Social and Emotional Learning, Social and Emotional Competence, and Students’ Academic Outcomes: The Roles of Psychological Need Satisfaction, Adaptability, and Buoyancy

  • Ana L. Tarbetsky
  • Andrew J. MartinEmail author
  • Rebecca J. Collie


This chapter explores the possible relationships between students’ social and emotional competencies, motivation, engagement, and achievement in the context of an autonomy-supportive environment. At the core of students’ social and emotional learning are social and emotional competencies (SECs; e.g., social awareness, relationship skills). The present chapter broadens the view on SECs by considering novel constructs from the psycho-educational literature: basic psychological need satisfaction, adaptability, and academic buoyancy. Importantly, when SECs are effectively taught it leads to positive academic and non-academic outcomes. With the aim of promoting these positive outcomes, researchers have endeavored to better understand the climates that promote students’ SECs. Harnessing perspectives from social and emotional learning, self-determination theory, and the broaden-and-build theory of positive emotions, we propose an autonomy-supportive environment as one that can promote the SECs. We further contend that by supporting SECs through an autonomy-supportive environment, motivation, engagement, and achievement can be positively influenced. Finally, given the hypothesized relationships, this chapter also briefly reviews avenues for further development of students’ SECs, and more generally, their social and emotional learning.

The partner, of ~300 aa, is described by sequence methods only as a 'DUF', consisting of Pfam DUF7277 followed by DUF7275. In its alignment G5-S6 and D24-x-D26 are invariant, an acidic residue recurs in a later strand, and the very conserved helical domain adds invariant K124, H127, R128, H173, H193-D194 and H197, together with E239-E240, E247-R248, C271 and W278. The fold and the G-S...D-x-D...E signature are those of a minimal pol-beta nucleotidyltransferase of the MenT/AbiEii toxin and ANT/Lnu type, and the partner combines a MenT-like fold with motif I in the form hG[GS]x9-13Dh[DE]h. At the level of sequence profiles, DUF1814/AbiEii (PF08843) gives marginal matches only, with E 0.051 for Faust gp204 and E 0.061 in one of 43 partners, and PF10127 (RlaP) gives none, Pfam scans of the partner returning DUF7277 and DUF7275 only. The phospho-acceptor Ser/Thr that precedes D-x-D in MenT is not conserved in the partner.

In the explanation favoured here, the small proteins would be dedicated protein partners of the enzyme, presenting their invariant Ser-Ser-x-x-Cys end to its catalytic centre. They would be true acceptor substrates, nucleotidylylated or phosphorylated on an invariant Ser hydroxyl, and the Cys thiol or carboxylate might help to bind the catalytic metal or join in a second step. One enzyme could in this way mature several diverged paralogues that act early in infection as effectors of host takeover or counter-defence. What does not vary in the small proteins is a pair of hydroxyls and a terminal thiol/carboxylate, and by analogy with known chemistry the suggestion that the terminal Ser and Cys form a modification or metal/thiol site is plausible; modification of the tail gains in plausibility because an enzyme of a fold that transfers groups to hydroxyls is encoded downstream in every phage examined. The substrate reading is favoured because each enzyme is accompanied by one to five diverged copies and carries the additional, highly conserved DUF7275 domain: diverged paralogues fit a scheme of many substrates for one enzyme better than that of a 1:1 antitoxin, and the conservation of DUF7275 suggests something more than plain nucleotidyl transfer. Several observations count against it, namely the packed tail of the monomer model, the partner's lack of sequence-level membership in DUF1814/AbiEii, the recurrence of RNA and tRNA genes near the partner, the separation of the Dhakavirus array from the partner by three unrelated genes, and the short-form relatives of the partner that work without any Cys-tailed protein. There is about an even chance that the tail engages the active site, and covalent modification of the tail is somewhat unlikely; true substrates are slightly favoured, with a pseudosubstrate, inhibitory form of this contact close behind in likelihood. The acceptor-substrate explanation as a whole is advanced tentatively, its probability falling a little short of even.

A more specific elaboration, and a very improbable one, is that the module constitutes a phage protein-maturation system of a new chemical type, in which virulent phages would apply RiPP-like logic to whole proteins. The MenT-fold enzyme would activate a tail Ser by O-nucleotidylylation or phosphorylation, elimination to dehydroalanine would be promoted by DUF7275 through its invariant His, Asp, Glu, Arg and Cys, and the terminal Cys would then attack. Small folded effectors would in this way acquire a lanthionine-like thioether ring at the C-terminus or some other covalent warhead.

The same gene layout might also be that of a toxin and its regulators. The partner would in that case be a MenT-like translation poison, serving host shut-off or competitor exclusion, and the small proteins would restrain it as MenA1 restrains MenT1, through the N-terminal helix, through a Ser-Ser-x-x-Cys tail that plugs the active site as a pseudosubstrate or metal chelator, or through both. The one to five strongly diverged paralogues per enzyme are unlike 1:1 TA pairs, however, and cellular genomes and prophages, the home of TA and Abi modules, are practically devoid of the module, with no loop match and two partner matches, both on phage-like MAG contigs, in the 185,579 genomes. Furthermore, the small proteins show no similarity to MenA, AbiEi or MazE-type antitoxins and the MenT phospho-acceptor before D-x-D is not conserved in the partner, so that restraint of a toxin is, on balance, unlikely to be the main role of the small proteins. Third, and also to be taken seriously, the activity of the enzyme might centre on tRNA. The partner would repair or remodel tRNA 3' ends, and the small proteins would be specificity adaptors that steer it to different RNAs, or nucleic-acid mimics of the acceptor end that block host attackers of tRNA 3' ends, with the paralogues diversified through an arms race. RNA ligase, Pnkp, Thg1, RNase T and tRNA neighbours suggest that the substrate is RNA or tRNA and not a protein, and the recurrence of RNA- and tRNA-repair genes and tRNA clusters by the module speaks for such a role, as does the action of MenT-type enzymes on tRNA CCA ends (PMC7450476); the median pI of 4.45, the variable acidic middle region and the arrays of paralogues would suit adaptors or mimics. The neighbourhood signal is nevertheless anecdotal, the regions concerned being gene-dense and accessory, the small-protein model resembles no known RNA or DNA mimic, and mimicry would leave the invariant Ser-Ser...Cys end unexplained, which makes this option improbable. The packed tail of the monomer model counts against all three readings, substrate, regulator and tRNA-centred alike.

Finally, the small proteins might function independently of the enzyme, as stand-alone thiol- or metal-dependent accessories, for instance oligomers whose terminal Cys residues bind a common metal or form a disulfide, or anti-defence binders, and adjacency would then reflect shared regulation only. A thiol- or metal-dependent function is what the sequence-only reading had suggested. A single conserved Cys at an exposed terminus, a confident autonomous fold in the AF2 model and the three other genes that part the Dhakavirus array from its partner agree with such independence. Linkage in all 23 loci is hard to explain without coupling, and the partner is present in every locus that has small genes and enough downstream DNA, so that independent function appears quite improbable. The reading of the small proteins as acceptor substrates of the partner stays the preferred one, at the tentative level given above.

Social and emotional competence Basic psychological needs Adaptability Academic buoyancy Autonomy support Student outcomes 


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Copyright information

© Springer Nature Singapore Pte Ltd. 2017

Authors and Affiliations

  • Ana L. Tarbetsky
    • 1
  • Andrew J. Martin
    • 1
    Email author
  • Rebecca J. Collie
    • 1
  1. 1.School of EducationUniversity of New South WalesSydneyAustralia

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